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How to get your test automation right: Go big-picture on quality

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Matt Griscom, Principal, MetaAutomation LLC

More than a decade ago, I moved from software development over to quality, becoming a software developer in test. I discovered that something important was missing: Although we were writing automation to test the system, when the automation ran in the lab, the resulting artifacts offered little or no information about what happened at runtime.

If a check failed, we got an error, and if it was an API test, we got an exception and stack trace, but mostly we were still in the dark. Code inspection to follow up was expensive guesswork, and it just was not enough; we usually had to reproduce problems and debug through to turn the problem into an action item.

Sometimes that action was a product bug, but more often it was just something that a quality assurance person had to do to get the automation running again. The QA team sunk many hours into trying to resolve automation failures into action items.

I tried to solve the problem with log statements in the automation code. This helped in limited scenarios, but it soon became clear that this was awkward and a poor solution to the problem. 

Years later, I realized that the only good solution required a big-picture perspective on the software business. Just trying to amplify what manual test did, or what the QA role did, was not enough.

You have to start with the question of what automation for quality management can do for the business. I call this problem space "quality automation." Quality automation addresses all roles and functions of the business, including test, QA, developers, product owners, executives, and others, and how automation can help the whole business manage functional quality of the software system being worked on.

MetaAutomation is a pattern language I invented to achieve quality automation, starting with a focus on writing and shipping software faster and at higher quality than before. (I also wrote a book about it.)

When quality automation replaces "test automation," and you aim for optimal solutions—rather than ones constrained by tradition and historical accidents—you can create vastly more effective automation for measuring and managing quality.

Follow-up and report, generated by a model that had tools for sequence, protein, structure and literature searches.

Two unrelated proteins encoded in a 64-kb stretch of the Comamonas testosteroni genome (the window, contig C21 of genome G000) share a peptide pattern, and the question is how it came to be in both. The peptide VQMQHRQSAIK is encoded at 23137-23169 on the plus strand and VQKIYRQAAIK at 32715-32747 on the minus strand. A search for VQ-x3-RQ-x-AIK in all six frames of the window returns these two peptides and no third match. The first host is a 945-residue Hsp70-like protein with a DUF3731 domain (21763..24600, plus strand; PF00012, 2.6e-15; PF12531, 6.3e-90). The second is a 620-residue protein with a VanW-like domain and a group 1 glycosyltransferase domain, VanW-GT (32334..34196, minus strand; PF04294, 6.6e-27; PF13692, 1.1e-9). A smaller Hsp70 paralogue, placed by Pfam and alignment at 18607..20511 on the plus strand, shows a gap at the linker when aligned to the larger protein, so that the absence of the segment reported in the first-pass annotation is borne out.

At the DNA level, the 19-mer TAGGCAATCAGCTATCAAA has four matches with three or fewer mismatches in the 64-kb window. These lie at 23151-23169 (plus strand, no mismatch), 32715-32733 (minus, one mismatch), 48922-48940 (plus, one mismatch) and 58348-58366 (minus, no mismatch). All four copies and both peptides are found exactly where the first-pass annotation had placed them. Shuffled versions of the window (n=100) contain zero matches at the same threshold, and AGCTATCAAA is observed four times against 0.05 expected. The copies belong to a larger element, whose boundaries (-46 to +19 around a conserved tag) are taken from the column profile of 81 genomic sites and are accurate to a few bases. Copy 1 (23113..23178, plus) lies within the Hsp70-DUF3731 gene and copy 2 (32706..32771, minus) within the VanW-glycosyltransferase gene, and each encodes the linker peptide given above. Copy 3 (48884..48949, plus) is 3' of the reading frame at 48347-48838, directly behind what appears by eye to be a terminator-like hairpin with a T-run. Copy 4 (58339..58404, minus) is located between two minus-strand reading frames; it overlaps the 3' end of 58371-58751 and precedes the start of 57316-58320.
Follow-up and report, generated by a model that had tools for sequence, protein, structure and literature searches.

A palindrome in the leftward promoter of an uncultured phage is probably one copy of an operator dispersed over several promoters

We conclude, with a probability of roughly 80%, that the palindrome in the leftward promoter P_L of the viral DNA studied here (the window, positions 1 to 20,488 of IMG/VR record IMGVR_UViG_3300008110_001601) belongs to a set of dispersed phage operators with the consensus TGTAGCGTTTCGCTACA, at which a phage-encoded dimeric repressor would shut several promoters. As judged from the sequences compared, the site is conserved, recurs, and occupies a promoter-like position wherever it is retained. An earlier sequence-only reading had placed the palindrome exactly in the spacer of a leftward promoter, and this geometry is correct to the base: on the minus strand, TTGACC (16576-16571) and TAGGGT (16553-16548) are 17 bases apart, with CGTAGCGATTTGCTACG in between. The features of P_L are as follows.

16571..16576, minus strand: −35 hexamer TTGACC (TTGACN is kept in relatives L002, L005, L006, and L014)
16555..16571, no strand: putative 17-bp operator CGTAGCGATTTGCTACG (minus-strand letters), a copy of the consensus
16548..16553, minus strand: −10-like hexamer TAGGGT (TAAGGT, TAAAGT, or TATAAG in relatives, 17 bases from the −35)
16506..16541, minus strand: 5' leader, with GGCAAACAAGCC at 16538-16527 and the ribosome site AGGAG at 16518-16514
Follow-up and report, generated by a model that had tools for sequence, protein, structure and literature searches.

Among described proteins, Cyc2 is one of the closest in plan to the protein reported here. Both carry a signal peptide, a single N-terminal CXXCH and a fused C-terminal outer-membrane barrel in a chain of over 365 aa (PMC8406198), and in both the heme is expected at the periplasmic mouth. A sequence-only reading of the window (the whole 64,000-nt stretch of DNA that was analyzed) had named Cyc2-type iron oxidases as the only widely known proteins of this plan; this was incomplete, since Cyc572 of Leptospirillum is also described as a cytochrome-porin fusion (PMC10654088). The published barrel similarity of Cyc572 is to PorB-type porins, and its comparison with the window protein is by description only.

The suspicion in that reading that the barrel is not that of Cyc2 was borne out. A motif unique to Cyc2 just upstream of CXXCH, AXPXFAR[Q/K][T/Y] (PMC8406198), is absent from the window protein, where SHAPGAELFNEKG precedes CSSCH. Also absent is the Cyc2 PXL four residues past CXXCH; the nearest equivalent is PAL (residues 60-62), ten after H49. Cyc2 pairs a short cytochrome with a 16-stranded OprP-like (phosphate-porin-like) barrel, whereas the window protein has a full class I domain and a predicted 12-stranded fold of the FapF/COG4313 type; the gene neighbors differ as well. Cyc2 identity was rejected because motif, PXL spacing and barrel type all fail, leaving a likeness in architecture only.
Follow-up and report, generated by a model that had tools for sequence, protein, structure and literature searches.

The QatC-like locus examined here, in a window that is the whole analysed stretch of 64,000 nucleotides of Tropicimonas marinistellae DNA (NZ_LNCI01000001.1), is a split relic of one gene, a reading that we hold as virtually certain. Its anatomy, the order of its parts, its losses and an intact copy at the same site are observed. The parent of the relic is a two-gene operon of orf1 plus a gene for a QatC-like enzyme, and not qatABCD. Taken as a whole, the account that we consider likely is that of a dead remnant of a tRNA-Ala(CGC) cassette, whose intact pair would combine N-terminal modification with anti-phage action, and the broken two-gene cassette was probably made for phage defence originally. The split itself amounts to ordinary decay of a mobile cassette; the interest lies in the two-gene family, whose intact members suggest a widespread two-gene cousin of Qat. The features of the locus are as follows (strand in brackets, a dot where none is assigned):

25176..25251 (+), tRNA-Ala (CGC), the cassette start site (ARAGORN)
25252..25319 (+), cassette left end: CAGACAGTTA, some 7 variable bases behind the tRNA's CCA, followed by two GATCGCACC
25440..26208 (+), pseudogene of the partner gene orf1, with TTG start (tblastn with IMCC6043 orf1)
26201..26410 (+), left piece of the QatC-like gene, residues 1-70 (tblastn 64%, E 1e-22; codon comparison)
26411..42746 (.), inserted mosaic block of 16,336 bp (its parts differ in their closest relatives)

This, in turn, supports shipping software faster, at higher quality, with better communication and collaboration, and with happier teams. Here's how it works.

[ Is it time to rethink your release management strategy? Learn why Adaptive Release Governance is essential to DevOps success (Gartner). ]

Take hierarchical steps

People doing manual testing pay close attention to measure correct behavior and find issues, including sometimes using extra tools for instrumentation, data generation, screenshots, etc. The job requires it. By comparison, automation can leave us, and the broader team, mostly blind.

My solution is in the form of a pattern that we all use every day, anytime we perform or communicate any procedure that is (or could be) repeatable: hierarchical steps. This pattern represents a procedure as a rooted, ordered, multi-way tree where each step (or node) comprises all the child steps of that step.

It is also the least dependent pattern in MetaAutomation, the pattern language that I created, shown in the map below. (You can also find open-source examples of how MetaAutomation works on GitHub.)

Applying this pattern allows the automation to pay attention and record what it is doing in a powerful, flexible structure for later viewing, drill-down, and analysis. The automation isn't blind anymore, and detailed performance information is reported too.

Even with open eyes, automation is still very different from manual testing. With automation, the code has to make a distinction at some point, to decide whether the check passed or failed, and it doesn't have a human's deductive smarts or observational skills. It can run very fast, though, at all hours, and in a lab or on the cloud.

Manual testing and automation can each catch issues that the other cannot.

How to deal with bugs

Repeatable automation is essential to a fast, stable quality measure needed to keep software quality moving forward, but there's another problem: It is poor at finding bugs. Some managers in the field therefore devalue it; they believe the still-influential meme from Glenford Myers' 1979 error (found on pages 5-8 of the original edition of his book The Art of Software Testing) that "test is all about finding bugs."